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Clayton: How could NFL’s salary cap impact Seahawks and their players?

The NFL's shrinking salary cap could force Seattle to cut Carlos Dunlap. (Getty)

Commissioner Roger Goodell and NFLPA Executive Director DeMaurice Smith held their annual press conferences at the Super Bowl on Thursday.

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This was the first time they went back to back on the same stage. In the final 10 minutes of Goodell’s press conference, Smith went to the podium and both answered reporters’ questions.

Naturally, one of the most important questions didn’t have an answer. Neither could say what the 2021 salary cap would be. That still has to be negotiated after auditors finalize what the revenue was in this pandemic-affected season.

On Tuesday, the league held a salary cap seminar that usually happens in December. No answers there. Smith said he knows that the salary cap floor will be $175 million, but he thinks the final number will be higher. He said the league and the NFLPA can borrow cap money from future years.

Talking to people around the league, the number might be as high as $185 million, $13.2 million less than 2020.

So where does that put the Seahawks? They are currently around the $177 million mark, roughly $8 million under the possible $185 million cap for about 48 players. Until the start of the regular season, the cap only includes the top 51 cap numbers. Restricted free-agent tenders would put the Seahawks closer to the $185 million projection, but the Seahawks really won’t be in bad shape.

Ten teams are over the cap and some are in really rough shape. The New Orleans Saints are $90 million over. The Philadelphia Eagles are $44 million over. Dead money from the Jared Goff trade and the $20 million salary for Matthew Stafford has the Rams around $35 million. Green Bay and Atlanta are $23 million to $25 million over.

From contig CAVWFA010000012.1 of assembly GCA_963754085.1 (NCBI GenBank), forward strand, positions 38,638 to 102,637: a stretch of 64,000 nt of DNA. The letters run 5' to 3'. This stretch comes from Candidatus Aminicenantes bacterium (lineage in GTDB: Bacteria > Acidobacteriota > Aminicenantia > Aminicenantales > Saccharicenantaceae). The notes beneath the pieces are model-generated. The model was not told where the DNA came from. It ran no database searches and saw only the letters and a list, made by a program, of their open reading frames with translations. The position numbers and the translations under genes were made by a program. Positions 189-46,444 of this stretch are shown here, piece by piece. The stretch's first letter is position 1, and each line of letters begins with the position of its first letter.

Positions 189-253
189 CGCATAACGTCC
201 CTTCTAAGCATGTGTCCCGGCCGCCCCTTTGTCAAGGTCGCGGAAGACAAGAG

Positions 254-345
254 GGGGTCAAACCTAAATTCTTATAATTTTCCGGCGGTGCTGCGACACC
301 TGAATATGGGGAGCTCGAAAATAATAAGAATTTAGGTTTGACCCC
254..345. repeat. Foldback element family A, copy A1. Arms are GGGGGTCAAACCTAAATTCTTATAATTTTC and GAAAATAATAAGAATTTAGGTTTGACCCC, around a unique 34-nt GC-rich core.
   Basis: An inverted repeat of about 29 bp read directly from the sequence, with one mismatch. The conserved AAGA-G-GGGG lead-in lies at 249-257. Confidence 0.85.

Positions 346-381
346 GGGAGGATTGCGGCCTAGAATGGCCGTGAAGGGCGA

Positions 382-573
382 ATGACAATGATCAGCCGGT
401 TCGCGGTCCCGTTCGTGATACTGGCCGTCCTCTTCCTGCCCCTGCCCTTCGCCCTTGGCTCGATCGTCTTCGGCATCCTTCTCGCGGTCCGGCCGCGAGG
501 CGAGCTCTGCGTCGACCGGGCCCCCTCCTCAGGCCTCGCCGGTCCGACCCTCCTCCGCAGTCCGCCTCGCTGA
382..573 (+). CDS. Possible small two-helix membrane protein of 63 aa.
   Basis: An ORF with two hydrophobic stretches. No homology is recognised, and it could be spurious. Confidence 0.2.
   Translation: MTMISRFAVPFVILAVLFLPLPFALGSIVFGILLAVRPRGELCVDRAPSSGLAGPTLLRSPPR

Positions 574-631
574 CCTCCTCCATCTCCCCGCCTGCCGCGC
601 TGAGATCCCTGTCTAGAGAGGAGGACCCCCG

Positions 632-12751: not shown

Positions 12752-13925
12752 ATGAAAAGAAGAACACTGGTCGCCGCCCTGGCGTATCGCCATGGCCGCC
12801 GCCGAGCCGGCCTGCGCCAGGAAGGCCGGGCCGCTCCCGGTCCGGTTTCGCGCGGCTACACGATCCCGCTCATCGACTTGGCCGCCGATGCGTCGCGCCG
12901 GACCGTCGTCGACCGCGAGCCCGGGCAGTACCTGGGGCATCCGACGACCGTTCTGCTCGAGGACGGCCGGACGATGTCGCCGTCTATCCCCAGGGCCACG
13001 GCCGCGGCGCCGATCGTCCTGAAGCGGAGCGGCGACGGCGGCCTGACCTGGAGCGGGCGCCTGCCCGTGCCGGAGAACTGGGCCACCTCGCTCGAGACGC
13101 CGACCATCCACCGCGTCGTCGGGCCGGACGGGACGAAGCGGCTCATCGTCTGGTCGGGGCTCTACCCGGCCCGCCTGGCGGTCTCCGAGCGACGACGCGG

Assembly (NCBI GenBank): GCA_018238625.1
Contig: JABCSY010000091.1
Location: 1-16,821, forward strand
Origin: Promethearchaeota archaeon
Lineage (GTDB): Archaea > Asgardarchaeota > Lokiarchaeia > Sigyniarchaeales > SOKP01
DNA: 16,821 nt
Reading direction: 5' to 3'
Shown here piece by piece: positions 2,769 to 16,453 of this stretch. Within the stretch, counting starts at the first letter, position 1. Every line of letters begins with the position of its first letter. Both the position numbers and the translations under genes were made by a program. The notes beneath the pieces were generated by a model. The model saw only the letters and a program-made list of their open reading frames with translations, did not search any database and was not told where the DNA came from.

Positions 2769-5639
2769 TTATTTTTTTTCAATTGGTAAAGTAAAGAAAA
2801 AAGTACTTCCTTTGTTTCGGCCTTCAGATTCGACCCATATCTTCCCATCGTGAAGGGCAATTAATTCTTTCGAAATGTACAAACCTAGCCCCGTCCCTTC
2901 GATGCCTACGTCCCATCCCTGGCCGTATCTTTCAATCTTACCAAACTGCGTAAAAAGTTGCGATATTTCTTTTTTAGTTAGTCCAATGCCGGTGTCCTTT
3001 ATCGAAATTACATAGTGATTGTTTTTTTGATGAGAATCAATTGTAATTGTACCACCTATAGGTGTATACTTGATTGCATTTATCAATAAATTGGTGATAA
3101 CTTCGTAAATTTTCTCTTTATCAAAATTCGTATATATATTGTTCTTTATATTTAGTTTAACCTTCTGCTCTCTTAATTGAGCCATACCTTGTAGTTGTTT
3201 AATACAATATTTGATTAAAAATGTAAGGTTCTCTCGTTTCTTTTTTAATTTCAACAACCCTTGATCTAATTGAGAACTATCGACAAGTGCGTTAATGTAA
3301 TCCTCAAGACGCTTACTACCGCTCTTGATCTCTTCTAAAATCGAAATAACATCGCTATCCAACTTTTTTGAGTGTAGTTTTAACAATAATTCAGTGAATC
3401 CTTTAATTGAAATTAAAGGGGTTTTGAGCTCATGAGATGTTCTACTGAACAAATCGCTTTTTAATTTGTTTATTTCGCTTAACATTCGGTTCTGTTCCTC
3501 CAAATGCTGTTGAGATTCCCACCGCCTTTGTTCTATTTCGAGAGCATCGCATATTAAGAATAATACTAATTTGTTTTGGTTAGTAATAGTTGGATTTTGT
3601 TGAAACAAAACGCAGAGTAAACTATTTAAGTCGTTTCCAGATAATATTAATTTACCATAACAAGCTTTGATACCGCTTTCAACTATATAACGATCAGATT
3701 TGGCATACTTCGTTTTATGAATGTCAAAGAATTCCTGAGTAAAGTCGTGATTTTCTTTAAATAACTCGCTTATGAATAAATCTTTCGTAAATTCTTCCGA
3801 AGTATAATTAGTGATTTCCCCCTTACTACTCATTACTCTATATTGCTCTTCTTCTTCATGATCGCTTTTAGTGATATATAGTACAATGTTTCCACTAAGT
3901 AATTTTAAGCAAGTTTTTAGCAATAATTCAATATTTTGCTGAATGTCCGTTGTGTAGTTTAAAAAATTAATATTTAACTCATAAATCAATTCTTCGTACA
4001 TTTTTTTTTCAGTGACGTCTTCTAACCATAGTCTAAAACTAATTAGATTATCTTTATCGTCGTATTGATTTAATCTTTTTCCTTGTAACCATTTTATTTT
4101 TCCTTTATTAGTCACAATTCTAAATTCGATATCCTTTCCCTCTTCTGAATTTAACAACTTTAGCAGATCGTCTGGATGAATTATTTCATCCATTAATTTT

Since the Seahawks’ playoff loss to the Rams, plenty of fans have suggested making cuts to clear cap room. Some have gone as far as to suggest trading Russell Wilson. Wrong. He’s one of the biggest reasons the Seahawks are playoff contenders and possible Super Bowl contenders. Others suggest cutting Bobby Wagner, who has a $17.5 million cap on his $18 million a year contract. Wrong. He is still considered the best middle linebacker in the game. He might do a restructured contract that replaces base salary with signing bonus money.

Remember a year ago when a lot of people were suggesting the Seahawks free up cap room by cutting K.J. Wright? The Seahawks might not have won the NFC West if Wright wasn’t on the team. He had arguably his best season. What the Seahawks have to figure out is if they can re-sign him as he’s entering free agency. Wright and Wagner are great players and great leaders.

The Seahawks didn’t have a single player fail the COVID-19 test in 2020. Much of that can be credited by the leadership Wagner, Wright, Wilson, Duane Brown and others provided to make sure young players didn’t expose the team to the virus.

Because of the lower salary cap around the league, most players aren’t going to get their true value. Many players will come in getting an average of $2-3 million under what they expect. I went back and looked at unrestricted free agency in 2020 and there were 29 players who changed teams and received $10 million a year or more. I was going through this year’s free agent class and counted about the same players at that level, but many of my projections had big drops.

Many teams don’t have the room to buy high-priced free agents. In 2011, there was a flat salary cap. Franchise tags at most positions dropped by 20 percent. Taking a $13.2 million drop in the cap could lower the franchise tags by 30 percent.

If the cap was able to rise, Seahawks cornerback Shaquill Griffin might be able to ask for around $14 million a year in free agency. It wouldn’t surprise me that he might have to take $10 million on a short deal.

One key player who could provide cap room for the Seahawks is defensive end Carlos Dunlap. Clearly Seattle wants him back, but his cap number is $14,037,500. Dunlap liked it here but he might have to take a big pay cut. He’s on a $13.5 million a year contract. At 32 years old, he won’t command that kind of negotiating clout. Something can be worked out.

Teams are waiting for the cap number but they have to prepare for the tough market.

Follow John Clayton on Twitter.

More Seahawks coverage

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Clayton: Seahawks rival Rams playing dangerous game with trades

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